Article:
Painted Linens by Sandra Constantine
These hand-painted napkins are a feast for the eyes.
You’ll never catch Sandra Constantine setting the dining table in her Lenox Hill apartment with paper napkins. “Table linens should add delight to the dining experience,” says the artist, “and be an expression of who you are.” Accordingly, her hand-painted linen napkins are a feast for the eyes, adorned with her own fanciful free-form brushstrokes and line markings.
A native Iowan who holds a bachelor’s degree in fine art from American University, Constantine left a decades-long career as a fashion executive in 2013 to practice art full-time. After taking classes in various disciplines for several years, she began exploring the idea of working with textiles, which ultimately led her to launch her business, James C. Butterfly, in 2019. “I was organizing my napkin collection and found a hand-painted one that I had purchased many years ago,” Constantine recalls. “It was an aha! moment. I knew that this is what I should be doing.”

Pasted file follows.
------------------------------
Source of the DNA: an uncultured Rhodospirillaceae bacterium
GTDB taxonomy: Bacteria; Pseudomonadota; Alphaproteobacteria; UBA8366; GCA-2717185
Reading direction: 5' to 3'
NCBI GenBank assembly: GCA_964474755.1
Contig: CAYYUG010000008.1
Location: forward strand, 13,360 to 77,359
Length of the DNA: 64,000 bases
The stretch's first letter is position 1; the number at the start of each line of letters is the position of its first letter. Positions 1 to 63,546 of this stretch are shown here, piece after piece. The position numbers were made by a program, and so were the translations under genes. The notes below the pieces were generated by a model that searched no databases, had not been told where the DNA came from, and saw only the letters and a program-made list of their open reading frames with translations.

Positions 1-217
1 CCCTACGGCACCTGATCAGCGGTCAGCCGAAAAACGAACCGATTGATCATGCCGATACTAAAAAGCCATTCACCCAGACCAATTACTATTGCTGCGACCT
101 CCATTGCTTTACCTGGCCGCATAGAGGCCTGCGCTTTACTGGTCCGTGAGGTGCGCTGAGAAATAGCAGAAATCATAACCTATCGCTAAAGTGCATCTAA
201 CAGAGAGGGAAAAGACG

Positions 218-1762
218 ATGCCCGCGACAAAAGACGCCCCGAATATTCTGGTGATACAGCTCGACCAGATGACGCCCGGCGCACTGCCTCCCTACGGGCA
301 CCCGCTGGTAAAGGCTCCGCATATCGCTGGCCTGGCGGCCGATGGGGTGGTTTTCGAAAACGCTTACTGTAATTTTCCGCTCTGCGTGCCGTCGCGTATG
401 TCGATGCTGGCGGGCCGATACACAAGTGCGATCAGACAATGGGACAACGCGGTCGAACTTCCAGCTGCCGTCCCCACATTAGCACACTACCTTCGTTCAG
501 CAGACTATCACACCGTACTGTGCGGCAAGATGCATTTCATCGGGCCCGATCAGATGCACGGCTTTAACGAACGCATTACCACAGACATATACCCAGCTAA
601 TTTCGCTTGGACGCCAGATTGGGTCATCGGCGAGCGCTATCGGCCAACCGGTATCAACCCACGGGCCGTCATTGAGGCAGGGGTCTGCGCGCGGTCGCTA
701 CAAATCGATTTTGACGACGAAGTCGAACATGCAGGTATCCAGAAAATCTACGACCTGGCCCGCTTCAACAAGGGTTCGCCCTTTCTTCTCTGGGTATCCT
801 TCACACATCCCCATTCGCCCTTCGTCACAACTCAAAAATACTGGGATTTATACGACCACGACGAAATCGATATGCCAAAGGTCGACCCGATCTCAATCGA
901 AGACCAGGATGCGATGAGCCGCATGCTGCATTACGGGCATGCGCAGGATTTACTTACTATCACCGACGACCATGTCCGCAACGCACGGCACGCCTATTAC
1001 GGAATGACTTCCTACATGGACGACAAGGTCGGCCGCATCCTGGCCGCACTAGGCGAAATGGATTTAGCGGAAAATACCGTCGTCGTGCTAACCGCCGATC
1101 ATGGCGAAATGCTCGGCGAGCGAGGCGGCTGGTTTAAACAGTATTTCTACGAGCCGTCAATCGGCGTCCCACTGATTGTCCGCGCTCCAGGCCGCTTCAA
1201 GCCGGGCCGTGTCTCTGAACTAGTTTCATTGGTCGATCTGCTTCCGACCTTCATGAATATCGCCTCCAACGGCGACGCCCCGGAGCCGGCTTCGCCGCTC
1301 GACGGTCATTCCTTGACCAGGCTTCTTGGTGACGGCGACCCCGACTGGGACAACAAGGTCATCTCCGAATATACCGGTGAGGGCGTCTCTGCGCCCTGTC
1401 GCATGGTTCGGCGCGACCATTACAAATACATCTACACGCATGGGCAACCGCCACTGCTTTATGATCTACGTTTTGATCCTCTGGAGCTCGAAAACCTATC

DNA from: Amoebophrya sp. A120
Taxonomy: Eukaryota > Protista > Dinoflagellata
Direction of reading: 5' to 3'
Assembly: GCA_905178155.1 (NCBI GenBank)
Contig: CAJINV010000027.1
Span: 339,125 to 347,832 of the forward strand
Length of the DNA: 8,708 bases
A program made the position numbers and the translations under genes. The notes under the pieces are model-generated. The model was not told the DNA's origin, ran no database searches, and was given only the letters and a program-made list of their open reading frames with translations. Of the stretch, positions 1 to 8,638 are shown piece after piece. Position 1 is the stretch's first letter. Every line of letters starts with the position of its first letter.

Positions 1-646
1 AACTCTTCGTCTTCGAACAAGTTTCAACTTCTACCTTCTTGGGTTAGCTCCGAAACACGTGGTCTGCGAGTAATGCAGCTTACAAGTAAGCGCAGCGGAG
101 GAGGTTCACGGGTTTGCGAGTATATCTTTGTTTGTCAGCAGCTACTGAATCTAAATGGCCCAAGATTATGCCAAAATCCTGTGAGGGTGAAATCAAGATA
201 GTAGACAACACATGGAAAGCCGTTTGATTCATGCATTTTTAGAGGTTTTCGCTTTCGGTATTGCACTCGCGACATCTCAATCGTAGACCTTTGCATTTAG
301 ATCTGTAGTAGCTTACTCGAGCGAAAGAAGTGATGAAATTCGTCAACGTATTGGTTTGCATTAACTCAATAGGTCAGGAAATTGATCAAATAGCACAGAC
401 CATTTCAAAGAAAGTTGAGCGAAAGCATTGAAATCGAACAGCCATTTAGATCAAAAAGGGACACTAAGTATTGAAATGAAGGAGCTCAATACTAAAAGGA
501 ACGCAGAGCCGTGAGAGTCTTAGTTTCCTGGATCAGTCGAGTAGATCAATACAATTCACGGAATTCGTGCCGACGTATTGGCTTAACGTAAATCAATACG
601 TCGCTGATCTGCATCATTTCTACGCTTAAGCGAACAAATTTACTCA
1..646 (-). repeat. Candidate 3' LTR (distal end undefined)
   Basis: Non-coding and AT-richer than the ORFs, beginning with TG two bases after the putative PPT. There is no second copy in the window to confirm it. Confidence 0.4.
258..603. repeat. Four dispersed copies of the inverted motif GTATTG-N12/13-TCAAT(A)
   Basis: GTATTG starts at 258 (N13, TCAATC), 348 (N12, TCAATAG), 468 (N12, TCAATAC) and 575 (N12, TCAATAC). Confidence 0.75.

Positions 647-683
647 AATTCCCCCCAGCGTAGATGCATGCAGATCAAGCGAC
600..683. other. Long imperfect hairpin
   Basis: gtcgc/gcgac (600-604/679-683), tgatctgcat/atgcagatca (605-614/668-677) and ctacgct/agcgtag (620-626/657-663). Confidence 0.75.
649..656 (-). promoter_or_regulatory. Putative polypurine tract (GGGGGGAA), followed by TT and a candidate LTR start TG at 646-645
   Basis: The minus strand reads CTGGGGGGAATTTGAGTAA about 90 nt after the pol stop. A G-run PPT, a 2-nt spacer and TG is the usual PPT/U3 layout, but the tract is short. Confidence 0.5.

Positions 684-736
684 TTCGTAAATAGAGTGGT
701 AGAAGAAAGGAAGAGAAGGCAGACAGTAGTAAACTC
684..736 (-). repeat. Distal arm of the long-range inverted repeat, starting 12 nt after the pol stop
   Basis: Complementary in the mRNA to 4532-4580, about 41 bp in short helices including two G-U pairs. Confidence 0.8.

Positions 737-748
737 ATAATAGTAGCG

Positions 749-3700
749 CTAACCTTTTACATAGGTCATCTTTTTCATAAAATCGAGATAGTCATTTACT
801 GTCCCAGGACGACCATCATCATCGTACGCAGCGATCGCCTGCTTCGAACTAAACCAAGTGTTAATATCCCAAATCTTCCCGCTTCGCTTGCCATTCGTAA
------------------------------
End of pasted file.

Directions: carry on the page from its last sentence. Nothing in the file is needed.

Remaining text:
Vintage textiles, historical patterns, and shelter magazine clippings inspire her designs, which she paints onto precut 20-inch squares of stone-washed linen. Woven in Lithuania and available in shades ranging from neutral to citrine, the linen continues to soften with age and can be machine-washed or dry-cleaned between uses.
Constantine works at a small desk abutting her living room windows, treating each cloth square “like a blank canvas.” Using nontoxic fabric paint and specialty markers, she makes patterns composed of circles, squiggles, dots, and lines. “I don’t begin a design knowing what the end product will look like,” she points out. “I let each mark inform the next.” The finishing touch: She stencils the brand’s initials on a corner before hanging the napkin on a rack to dry and then heat-pressing it. “The world is challenging on every level,” Constantine continues, “so for me it’s about creating beautiful table settings for people to enjoy—just like cooking a delicious meal or opening a great bottle of wine.”